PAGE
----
209. Murder on the Orient Express

A film that’s been made before, in 1974 with Sidney Lumet directing and an insane cast of characters that includes Albert Finney as Poirot, Sean Connery, Lauren Bacall, Ingrid Bergman and the list goes on. I had to stop myself from listing them all because we’re not here to talk about that version. They bring in Kenneth Branagh to helm this one and play Poirot, and he’s a good choice. He also smartly realizes the thing that’s gonna make this movie work is to lean into the spectacle of all these actors in one place. Of course, this isn’t the cast of the original, so it’s not like you’ve got this murderer’s row of stars, but you do have a really fantastic lineup of people, and the film decides to shoot the whole thing in 70mm. Which, I saw it in a theater in 70… it looked awesome. That, to me, is what made me respond to this as positively as I did. Plus, I know the material, and it feels like one of those movies, like Shakespeare, which is why Branagh was such a canny choice for director, where it’s not about every single twist and turn in the story but rather how it’s presented and how the actors handle the performances and how they approach the material. You’re there for the performance of the material and not the material. So Branagh takes his great cast and makes this really fun ride that does some nice things and tries to open it up as much as he can. Sometimes there are a few unnecessary ‘action’ beats (like the Wailing Wall at the beginning, which I’m fine with because it gives a sense of scale of how they’re gonna shoot the entire film, and that moment where there’s a foot chase on a bridge, which felt a bit forced and purely for a modern audience) and sometimes it’s very clear he’s staging a scene outside the train just to have an exterior, but overall it’s a enjoyable movie. You get to see actors having fun with the material and getting to play off one another. It’s good stuff. I’m not sure why people were so mixed on this. What were you expecting? A new take on old material? It’s just a solid movie with great production values, a great score and good actors doing their thing. I’m not really sure what more you’d want out of something like this.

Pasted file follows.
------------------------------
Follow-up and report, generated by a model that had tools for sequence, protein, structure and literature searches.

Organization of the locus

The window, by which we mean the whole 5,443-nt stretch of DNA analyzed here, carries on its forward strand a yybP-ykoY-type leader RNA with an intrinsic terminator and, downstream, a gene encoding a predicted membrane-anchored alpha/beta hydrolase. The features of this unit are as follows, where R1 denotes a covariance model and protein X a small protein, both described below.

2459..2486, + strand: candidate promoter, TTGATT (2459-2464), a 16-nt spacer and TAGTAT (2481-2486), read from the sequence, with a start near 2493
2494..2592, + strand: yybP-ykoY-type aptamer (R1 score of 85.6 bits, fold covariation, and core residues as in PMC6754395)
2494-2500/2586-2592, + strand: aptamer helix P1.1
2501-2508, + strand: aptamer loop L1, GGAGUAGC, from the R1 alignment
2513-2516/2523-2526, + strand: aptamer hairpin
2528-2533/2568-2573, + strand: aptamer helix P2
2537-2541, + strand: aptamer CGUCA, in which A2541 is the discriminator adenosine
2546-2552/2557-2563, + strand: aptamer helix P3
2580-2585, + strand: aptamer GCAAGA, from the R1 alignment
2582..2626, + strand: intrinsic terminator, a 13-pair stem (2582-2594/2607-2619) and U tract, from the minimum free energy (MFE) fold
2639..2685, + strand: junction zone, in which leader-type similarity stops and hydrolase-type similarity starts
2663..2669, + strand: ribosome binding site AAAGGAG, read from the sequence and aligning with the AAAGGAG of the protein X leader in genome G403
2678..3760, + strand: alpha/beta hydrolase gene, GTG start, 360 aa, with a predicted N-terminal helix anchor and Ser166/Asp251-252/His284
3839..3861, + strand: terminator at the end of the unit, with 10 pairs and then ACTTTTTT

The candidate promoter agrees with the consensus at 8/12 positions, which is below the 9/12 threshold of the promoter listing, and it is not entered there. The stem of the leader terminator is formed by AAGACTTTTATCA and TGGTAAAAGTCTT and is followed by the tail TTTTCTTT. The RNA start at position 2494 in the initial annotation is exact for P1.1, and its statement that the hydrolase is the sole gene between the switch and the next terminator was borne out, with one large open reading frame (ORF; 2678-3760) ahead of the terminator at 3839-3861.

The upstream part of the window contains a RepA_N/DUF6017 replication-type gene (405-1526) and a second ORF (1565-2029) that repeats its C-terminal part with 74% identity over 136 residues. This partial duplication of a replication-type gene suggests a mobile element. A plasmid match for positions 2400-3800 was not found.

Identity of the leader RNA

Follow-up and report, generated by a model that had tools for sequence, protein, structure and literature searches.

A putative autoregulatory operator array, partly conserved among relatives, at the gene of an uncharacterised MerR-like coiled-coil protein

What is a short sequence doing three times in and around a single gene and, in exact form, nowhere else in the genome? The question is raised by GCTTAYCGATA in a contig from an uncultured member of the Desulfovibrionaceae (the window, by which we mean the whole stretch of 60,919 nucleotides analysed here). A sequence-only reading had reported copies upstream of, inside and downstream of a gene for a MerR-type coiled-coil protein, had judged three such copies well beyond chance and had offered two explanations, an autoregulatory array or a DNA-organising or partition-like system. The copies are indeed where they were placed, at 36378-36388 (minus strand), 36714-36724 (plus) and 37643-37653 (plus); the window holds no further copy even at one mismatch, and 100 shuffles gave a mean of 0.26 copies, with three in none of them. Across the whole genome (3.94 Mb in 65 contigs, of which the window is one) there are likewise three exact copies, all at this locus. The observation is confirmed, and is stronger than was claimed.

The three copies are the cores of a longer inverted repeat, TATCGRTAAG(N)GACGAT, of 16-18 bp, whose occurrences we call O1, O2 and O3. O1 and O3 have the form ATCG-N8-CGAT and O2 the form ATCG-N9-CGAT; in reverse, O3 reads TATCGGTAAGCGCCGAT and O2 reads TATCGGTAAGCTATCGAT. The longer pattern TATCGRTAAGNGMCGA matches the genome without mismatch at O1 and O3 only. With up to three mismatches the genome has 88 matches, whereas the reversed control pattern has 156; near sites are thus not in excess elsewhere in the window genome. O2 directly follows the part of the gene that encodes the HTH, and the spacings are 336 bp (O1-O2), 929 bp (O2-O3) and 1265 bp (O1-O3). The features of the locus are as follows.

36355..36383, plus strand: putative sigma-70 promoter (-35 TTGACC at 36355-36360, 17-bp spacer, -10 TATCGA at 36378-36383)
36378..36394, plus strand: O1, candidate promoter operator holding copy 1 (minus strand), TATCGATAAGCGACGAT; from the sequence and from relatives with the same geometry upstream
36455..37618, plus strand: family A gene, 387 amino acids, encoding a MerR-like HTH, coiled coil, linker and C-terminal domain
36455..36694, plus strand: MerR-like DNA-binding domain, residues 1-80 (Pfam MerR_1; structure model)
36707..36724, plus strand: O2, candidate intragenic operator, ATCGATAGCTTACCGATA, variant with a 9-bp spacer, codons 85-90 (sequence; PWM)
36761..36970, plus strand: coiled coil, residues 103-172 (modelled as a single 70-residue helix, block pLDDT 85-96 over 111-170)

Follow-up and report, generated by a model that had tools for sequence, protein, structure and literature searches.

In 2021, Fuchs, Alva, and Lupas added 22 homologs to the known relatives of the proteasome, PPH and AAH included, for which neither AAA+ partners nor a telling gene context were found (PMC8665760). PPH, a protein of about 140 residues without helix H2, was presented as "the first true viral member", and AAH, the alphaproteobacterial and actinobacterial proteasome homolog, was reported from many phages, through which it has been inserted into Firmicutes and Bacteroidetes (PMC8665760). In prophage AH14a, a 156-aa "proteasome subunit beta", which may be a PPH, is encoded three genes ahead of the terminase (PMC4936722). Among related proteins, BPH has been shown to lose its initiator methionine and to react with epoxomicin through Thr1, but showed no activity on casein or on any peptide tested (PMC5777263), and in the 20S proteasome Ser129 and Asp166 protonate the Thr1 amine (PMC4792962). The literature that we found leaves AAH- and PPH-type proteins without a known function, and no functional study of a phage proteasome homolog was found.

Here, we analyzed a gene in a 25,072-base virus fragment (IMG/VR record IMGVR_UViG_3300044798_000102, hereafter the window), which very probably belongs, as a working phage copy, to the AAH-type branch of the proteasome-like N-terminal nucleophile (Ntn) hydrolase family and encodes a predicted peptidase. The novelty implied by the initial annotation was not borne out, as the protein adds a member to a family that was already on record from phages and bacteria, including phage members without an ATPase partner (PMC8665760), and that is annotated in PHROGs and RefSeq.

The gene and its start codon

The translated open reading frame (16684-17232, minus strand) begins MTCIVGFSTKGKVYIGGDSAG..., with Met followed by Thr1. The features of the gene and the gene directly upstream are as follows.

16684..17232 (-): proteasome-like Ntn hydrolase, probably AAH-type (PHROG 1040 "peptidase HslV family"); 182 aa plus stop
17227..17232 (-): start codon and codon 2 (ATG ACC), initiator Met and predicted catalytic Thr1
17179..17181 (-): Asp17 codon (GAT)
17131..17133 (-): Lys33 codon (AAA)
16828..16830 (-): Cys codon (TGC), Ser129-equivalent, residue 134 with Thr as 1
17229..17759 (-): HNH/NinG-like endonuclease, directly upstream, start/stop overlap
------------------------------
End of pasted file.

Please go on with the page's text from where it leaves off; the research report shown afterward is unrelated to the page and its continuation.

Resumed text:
208. Valerian and the City of a Thousand Planets